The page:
New York continues to rank as one of the states with the highest cost burden for housing, according to a report released Wednesday by state Comptroller Tom DiNapoli.

The report found almost 3 million New York households are dealing with housing costs that consume more than 30% of their household income, with one in five households experiencing a housing cost of more than 50% of their income.

“For too many New Yorkers, finding and keeping an adequate and affordable place to live has become more and more difficult,” DiNapoli said in a statement. “Rising costs are stretching household budgets and forcing trade-offs with other essentials, like food and health care. The consequences of housing insecurity are wide-ranging and while low-income renters are the most cost-burdened, these financial pressures are increasingly felt by middle class households. Action is needed by all levels of government.”

The report also found that New York's new housing units rate of 5.7% added between 2012 and 2022 was far below other states and ranked 32nd in the nation, and that monthly housing costs grew more rapidly for renters than for homeowners over that same period of time.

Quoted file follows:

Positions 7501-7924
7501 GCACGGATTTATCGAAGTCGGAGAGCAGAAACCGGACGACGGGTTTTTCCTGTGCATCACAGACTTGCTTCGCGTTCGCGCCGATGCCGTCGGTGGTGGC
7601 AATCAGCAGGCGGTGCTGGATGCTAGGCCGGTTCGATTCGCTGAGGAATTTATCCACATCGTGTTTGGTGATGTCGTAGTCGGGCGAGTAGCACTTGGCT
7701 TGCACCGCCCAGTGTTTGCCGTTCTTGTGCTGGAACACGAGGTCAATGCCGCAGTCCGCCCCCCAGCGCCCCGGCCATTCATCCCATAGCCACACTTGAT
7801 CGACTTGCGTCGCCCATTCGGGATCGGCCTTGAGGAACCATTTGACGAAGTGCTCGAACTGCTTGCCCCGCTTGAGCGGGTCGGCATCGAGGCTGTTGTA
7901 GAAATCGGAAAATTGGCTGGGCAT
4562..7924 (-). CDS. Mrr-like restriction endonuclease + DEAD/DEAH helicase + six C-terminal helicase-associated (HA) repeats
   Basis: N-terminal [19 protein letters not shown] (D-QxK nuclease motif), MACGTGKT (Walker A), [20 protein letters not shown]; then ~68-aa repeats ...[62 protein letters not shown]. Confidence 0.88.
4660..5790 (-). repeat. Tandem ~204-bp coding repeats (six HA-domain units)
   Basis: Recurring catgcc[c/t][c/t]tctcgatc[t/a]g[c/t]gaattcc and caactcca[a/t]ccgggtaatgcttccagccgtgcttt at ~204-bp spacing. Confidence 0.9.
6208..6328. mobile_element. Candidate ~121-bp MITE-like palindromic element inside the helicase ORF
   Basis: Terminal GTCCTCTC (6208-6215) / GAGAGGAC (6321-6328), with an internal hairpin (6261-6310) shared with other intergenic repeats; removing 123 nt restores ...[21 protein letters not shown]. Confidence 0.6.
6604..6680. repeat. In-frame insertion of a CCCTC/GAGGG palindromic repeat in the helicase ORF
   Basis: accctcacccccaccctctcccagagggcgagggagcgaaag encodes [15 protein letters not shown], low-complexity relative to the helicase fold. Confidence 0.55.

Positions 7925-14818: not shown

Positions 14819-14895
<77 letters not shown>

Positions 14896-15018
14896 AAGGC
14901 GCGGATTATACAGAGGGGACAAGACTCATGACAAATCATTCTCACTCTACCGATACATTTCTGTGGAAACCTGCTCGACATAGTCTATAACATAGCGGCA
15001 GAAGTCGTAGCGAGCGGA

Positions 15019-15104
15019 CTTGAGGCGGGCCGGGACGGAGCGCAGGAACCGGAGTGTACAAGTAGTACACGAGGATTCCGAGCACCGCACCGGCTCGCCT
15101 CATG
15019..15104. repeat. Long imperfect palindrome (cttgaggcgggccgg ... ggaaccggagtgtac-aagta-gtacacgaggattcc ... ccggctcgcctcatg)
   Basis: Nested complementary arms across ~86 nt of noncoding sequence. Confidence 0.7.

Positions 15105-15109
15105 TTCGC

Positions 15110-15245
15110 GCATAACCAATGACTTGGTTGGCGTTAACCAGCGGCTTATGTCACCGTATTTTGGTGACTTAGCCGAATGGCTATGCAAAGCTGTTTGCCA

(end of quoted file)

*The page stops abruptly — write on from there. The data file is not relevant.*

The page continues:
Other findings were that significant racial disparities exist among households suffering from housing insecurity, housing insecurity among seniors exceeds the national average and New York’s rate of homelessness was the highest in the nation.

Regionally, the state comptroller found that housing cost burdens are highest in New York City. More than one-third of households in the Mid-Hudson and Long Island regions are cost-burdened, where aggregate burdens range from 24% in the North Country and Mohawk Valley to 27% in the Finger Lakes.

DiNapoli's report comes as Gov. Kathy Hochul is trying to accomplish housing goals with the state Legislature in the state budget, including creating up to 15,000 new housing units on state-owned properties, making more localities eligible to apply to become a "Pro-Housing Community," or municipality that receives priority for funding to build new units, and allowing New York City to offer a tax abatement to construct new rental units in wake of the expiration of the 421-a program.


Facebook Twitter